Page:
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Rick Scott’s Shout Show

| April 11, 2016

rick scott starbucks

Rick Scott loses his inside voice.

By Martin Dyckman

There was once a senator from Virginia who was dismayed to find his picture on the cover of New Times magazine under the headline “the dumbest Congressman of them all.”

He called a news conference to deny it, thereby proving it to be true.


His name was Scott. William Scott.

You can probably guess where this is going.

From that day in 1974 to now, no public official has so witlessly confirmed the substance of a harsh criticism as Florida Gov. Rick Scott did the other day.

A more prudent man would have shrugged off his chance encounter with the citizen, Cara Jennings, who loudly called him an “asshole.”

Left alone, its notoriety would have subsided after the first 2 million or so YouTube and Facebook views.

But Scott is Scott, with an ego nearly as large as that of his newest buddy, Donald Trump, and a slush fund to match.

His Let’s Get to Work political committee swiftly made and posted a video savagely disparaging Jennings.

Unlike a bystander’s smart phone cinema verité video of the original incident at a Gainesville Starbucks, Scott’s riposte is a professional job. A professional hit job.

In the course of claiming that thousands of new jobs have been created in that Gainesville neighborhood, the announcer says “almost everybody” has a job, “except those who are sitting around coffee shops demanding public assistance, surfing the internet and cursing at customers who come in.”

A former Lake Worth city commissioner, Jennings is a self-described anarchist who refused on principle to say the Pledge of Allegiance. Scott’s body slam harps on her background and calls her a “latte liberal” before getting around to implying that she’s a free-loader.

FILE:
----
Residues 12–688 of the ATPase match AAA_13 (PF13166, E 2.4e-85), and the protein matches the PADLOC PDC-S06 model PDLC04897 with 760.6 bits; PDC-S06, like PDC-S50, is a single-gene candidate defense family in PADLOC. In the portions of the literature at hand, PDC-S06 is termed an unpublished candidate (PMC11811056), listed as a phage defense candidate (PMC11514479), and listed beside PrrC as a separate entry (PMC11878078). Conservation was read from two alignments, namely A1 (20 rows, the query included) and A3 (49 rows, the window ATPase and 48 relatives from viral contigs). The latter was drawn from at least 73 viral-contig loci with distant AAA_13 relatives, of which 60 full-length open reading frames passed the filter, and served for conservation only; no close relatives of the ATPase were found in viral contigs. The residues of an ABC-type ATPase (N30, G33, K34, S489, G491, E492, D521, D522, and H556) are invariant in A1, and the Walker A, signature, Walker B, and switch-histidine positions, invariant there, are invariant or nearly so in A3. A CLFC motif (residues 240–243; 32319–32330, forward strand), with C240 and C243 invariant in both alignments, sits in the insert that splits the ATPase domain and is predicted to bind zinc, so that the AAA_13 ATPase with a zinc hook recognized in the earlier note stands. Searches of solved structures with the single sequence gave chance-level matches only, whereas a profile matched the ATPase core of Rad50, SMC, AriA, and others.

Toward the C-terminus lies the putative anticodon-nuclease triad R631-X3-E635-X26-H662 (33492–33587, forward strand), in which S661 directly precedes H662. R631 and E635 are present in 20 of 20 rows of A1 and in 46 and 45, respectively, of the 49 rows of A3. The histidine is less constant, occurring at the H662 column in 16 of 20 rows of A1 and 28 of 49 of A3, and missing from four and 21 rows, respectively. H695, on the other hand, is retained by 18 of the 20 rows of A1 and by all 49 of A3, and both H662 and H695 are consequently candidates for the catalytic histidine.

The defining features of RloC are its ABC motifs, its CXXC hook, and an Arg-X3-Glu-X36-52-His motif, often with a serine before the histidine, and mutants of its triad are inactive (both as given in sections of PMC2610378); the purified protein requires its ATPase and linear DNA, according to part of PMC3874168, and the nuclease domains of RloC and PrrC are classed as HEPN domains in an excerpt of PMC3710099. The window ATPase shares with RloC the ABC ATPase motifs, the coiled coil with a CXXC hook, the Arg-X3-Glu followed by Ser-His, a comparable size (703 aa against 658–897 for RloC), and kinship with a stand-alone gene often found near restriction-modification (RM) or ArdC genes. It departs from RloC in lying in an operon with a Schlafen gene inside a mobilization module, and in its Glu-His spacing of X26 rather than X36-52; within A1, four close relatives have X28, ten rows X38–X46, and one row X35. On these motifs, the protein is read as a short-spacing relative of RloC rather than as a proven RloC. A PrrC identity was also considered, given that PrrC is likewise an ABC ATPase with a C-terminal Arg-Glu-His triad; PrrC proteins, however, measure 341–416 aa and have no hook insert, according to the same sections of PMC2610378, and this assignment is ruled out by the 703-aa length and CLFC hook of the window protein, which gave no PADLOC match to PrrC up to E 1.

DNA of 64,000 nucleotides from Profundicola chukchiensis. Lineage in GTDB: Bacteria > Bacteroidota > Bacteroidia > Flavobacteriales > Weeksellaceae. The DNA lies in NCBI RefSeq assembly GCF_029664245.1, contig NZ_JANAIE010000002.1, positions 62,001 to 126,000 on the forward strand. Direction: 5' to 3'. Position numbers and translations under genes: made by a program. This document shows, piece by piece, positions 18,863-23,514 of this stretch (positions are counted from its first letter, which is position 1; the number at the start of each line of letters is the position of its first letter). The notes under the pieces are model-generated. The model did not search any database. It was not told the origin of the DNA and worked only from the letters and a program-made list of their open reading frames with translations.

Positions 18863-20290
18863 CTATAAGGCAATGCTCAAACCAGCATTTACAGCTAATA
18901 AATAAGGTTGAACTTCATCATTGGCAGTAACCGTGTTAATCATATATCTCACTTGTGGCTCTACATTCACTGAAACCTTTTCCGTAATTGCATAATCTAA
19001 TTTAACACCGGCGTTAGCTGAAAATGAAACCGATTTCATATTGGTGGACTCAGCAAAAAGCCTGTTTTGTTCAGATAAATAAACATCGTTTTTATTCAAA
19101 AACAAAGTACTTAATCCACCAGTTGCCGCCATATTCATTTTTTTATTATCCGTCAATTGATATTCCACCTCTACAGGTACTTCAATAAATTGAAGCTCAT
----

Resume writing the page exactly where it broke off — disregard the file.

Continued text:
In fact, she is a free-lance consultant who says she was in Gainesville on business, stopped for coffee at Starbucks, and was at work on her computer when Scott walked in. What’s more, she said she doesn’t get a dime of public assistance.

“What I find very offensive is for him to infer that I’m unemployed and just hanging out at Starbucks,” she told me. “I’ve never seen this type of attack against a private citizen.”

Neither have I. To trade public punches with another politician or a media critic is an accepted part of the game. To defame a private citizen — one who wasn’t even responsible for publicizing the original incident — is out of bounds.

Some people I know, having seen only the Starbucks video, which begins partway through their confrontation, were critical of Jennings for shouting at Scott.

But to hear the whole story is to understand why she lost her temper.

context floridaShe began by upbraiding him for refusing to expand Medicaid and for signing a bill to keep state money away from Planned Parenthood, and says “you should be ashamed to show your face around here.”

That’s tough language, to be sure, but nothing worse than what hundreds of editorials have said.

Scott then resorts to his standard mantra, his answer for everything, his non-denial denial for any criticism, by replying that Florida has gotten 1 million jobs on his watch. That’s when she loses it.

As he retreats, she shouts, “A million jobs? Great. Who here has a great job or is looking forward to finishing school? Do you really feel like you have a job coming up?”

She utters the epithet with which he will forever be identified. That is not so much because it was said, but because he dignified it with a response.

For the governor to claim credit for 1 million jobs is somewhat like boasting of making the sun rise or the tides ebb and flow.

Politifact acknowledged the statistic to be mostly true.